Sunday's rally in France, with over three million people nationwide, a million-and-a-half of them in Paris, was important. But it still misses the biggest point of all.
Okay, yes, CNN's Christiane Amanpour did make one important point that American journalists have missed, because they don't get it.
In Europe, there is a tradition of irreverent journalism, and people expect it. Their media routinely trivializes any nation's ruler or leader based on who is being a dimwit; and they can just as easily be sacrilegious toward Christians or Jews or Muslims in equal or unequal measure, based on what's happening on the world stage.
Americans understand the first part of that from the Daily Show or Colbert. But even years ago, when we got a taste of the second part in Monty Python's "Life of Brian," some Americans responded with outrage.
Amanpour's point? "Europeans are not willing to give that up."
CNN covered the story that France does have its particular issues. There is a big Muslim population based on the years of French colonialism in Africa and the Middle East. (Think of the movie, "Casablanca" and the French Foreign Legion in the desert.)
And despite the French prime minister's statement that "There is no France without French Jews," antisemitism in France in recent years continues to frighten many French Jews into leaving the country - France, with the largest Jewish and the largest Muslim populations in Europe.
Further, to CNN's credit, their coverage of the massive rally in Paris explored obvious implications of these issues.
Irshad Manji, a Muslim woman activist for meaningful, sustainable peace and understanding, asserted, "A full-on commitment to free expression" and "an uncompromising stand against bullying and persecution" must become a unified value, everywhere. She noted among the "Je suis Charlie" signs is one carried by a young Muslim girl that reads, "Je suis Jouie - I am a Jew."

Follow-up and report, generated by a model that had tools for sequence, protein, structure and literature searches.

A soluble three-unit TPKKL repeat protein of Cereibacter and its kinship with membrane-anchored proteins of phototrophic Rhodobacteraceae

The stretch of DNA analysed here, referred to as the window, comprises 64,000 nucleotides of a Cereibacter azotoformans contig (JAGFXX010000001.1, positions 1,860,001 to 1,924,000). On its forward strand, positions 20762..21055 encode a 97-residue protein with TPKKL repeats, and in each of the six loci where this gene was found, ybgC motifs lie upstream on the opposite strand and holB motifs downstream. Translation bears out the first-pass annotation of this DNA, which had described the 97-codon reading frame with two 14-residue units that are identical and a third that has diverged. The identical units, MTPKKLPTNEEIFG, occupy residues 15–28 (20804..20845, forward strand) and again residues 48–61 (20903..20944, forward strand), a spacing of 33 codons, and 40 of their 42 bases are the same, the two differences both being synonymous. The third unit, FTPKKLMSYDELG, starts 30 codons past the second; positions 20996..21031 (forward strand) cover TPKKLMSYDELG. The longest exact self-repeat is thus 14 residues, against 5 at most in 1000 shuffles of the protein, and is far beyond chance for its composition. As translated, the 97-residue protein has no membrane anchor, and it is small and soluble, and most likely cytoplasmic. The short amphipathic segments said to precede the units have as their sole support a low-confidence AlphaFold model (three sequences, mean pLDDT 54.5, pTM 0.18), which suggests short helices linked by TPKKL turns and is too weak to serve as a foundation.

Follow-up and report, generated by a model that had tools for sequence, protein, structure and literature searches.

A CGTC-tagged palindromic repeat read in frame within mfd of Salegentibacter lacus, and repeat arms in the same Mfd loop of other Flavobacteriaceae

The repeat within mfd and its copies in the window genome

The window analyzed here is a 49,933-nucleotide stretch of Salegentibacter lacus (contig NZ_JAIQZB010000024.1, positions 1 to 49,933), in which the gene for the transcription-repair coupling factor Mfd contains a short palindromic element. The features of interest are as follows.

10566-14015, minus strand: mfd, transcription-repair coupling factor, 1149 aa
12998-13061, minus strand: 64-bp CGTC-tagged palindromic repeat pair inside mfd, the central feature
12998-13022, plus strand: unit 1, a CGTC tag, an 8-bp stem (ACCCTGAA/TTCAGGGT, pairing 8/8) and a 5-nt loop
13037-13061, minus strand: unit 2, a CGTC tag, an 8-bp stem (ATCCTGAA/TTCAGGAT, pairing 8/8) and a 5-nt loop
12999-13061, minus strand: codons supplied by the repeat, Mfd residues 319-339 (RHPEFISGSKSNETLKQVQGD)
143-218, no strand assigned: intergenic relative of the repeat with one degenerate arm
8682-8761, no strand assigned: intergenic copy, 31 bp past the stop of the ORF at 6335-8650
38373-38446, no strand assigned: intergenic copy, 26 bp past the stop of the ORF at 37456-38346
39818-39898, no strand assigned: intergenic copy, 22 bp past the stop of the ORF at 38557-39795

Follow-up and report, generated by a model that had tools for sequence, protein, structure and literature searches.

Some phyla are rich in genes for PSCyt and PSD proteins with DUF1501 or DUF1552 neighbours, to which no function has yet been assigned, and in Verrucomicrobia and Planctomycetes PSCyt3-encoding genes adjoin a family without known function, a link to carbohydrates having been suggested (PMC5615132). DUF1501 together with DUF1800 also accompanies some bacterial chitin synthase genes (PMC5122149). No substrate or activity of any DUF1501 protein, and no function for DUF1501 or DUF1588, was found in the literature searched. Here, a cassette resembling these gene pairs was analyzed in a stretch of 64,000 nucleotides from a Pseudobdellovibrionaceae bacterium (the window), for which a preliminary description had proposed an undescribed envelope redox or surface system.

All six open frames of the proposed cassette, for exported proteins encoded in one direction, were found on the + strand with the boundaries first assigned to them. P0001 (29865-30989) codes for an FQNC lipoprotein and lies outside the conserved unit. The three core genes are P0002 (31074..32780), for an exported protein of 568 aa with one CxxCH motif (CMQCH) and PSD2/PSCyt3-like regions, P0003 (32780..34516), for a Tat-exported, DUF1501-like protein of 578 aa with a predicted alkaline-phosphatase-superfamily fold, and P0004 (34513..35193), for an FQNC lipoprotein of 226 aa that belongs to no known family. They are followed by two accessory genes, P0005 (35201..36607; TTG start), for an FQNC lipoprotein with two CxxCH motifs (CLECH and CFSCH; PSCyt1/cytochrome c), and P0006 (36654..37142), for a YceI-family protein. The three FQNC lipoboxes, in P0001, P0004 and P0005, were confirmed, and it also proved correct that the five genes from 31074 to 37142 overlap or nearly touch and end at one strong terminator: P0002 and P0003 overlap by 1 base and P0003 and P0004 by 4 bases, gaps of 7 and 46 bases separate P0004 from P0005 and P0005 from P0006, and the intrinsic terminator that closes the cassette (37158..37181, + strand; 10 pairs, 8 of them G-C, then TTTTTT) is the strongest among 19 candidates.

Manji advocates that in addition to "public school cultural days where you share one another's food, you learn to ask, what do we do to promote fairness and opportunity for everybody?"
"A new generation is capable and ready for pluralism," said Manji.
Let's hope. But...
The theme on the Sunday shows elsewhere on tv, even when they sought some positive message to include, was fixated on one idea:
"THE central issue of our time is young Muslim extremism."
No. It's not. And let's not delude ourselves into ignoring what could kill us all.
Because if global climate change continues unchecked, it will continue to accelerate.
And "100-Year Storms" happening every few years, and prolonged drought on breadbasket croplands, and salt water intrusion into river deltas, and collapse of fisheries, and innundation of settled coastal regions where most of the Earth's human population resides?
THOSE things will cause unwanted migrations on an unimagined scale. Then it will all be about simple survival, regardless of what language anyone speaks or the detailed dogma of their religion.
So. Want to carry a sign? It's time for us to carry the ultimate solidarity sign, and to become informed activists demanding action so that all our other arguments about culture and economics and fairness and opportunity can still be possible.
That sign is: "Je suis Earth."